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Abstract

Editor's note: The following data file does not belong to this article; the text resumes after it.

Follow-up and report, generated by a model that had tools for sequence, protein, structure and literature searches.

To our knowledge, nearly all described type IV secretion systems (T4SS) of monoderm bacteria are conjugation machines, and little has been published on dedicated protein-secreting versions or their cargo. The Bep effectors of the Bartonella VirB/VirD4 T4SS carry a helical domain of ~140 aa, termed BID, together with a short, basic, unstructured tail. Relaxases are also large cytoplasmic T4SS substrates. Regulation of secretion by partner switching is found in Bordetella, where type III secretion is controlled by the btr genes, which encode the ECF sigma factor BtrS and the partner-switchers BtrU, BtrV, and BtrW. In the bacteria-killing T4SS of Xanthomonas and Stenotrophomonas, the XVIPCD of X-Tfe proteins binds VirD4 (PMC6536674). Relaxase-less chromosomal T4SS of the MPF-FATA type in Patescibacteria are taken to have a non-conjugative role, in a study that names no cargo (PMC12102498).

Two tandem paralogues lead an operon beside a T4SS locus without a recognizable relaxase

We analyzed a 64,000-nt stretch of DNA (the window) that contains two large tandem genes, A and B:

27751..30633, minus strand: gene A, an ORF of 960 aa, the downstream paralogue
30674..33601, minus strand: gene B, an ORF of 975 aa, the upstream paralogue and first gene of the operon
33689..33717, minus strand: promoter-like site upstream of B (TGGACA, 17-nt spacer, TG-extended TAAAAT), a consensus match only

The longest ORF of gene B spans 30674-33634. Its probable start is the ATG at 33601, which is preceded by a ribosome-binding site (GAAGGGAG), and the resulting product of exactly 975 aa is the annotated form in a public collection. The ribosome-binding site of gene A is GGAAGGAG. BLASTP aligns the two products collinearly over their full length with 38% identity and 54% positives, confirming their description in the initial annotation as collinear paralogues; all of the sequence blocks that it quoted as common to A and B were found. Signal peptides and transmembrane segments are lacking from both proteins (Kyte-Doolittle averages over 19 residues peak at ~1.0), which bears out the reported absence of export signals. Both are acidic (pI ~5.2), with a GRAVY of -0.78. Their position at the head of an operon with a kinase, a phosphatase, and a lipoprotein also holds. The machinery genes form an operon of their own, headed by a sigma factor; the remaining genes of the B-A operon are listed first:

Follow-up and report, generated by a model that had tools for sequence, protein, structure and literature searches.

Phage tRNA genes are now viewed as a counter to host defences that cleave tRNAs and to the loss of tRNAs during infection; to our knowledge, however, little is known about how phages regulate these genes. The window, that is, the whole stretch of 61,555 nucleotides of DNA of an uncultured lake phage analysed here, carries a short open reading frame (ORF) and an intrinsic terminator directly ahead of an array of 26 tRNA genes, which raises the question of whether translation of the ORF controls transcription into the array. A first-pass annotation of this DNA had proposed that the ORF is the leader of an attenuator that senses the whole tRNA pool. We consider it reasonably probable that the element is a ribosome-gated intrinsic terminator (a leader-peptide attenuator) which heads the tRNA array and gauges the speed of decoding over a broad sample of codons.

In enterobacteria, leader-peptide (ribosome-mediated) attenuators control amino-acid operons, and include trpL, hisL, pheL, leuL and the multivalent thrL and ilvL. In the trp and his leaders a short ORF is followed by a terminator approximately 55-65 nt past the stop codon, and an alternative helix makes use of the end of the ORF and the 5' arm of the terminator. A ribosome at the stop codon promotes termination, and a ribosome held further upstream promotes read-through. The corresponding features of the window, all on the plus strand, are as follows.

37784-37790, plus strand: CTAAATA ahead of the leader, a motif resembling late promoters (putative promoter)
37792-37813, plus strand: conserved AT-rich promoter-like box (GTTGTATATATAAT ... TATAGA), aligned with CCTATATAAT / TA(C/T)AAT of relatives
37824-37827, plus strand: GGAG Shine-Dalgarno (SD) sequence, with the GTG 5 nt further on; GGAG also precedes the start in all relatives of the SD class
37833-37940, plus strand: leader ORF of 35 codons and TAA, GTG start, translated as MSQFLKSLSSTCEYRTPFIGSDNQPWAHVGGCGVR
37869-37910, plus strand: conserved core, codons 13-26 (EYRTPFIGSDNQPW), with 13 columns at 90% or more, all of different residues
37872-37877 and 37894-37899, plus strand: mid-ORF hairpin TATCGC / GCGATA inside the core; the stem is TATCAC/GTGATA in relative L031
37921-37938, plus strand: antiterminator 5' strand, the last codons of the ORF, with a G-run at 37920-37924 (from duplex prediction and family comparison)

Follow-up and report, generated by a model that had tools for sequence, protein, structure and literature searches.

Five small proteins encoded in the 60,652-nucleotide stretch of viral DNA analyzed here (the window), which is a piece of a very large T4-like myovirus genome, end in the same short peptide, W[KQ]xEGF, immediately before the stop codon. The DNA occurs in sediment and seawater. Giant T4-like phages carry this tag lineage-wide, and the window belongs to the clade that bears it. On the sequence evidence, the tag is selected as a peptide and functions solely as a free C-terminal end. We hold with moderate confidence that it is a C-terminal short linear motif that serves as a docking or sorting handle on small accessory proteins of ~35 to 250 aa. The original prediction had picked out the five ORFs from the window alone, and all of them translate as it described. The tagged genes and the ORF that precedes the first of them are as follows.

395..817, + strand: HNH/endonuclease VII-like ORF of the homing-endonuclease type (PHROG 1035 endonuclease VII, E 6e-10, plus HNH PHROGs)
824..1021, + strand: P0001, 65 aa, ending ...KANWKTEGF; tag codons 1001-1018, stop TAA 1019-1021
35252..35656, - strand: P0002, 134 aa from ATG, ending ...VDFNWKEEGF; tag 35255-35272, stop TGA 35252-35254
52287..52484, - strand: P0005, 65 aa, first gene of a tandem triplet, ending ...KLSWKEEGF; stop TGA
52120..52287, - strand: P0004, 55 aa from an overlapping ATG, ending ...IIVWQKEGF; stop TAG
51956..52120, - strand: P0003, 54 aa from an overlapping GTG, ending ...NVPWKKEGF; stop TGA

The prevalence of antibody to hepatitis C virus among Chinese subjects in Taiwan was evaluated using a commercially available enzyme immunoassay. The overall prevalence of antibody to hepatitis C virus was 0.28% among 1,419 healthy subjects, 0.8% among 500 unselected paid blood donors and 0.4% among 793 pregnant women. The three offspring of the mothers positive for antibody to hepatitis C virus were all found to be positive for antibody to hepatitis C virus at birth but all became negative by the age of 6 mo. Among healthy subjects, none of 1,000 school children and young adolescents had antibody to hepatitis C virus. Among patients in selected “high-risk” groups, antibody to hepatitis C virus was detected in 100% of 9 hemophiliac patients who were positive for antibody to human immunodeficiency virus, in 53% of 115 intravenous drug abusers, in 34.4% of 96 hemodialysis patients and in 15.8% of 19 homosexual men who were positive for antibody to human immunodeficiency virus. Only 7.1% of 196 prostitutes, 5.9% of 34 spouses of patients positive for antibody to hepatitis C virus and 0.5% of 201 brothelgoers had antibody to hepatitis C virus. These findings suggest that hepatitis C virus is transmitted mainly by the parenteral route in Taiwan. Transmission from mother to infant is not an important mode of spread of hepatitis C virus. (HEPATOLOGY 1991;13:830–833.)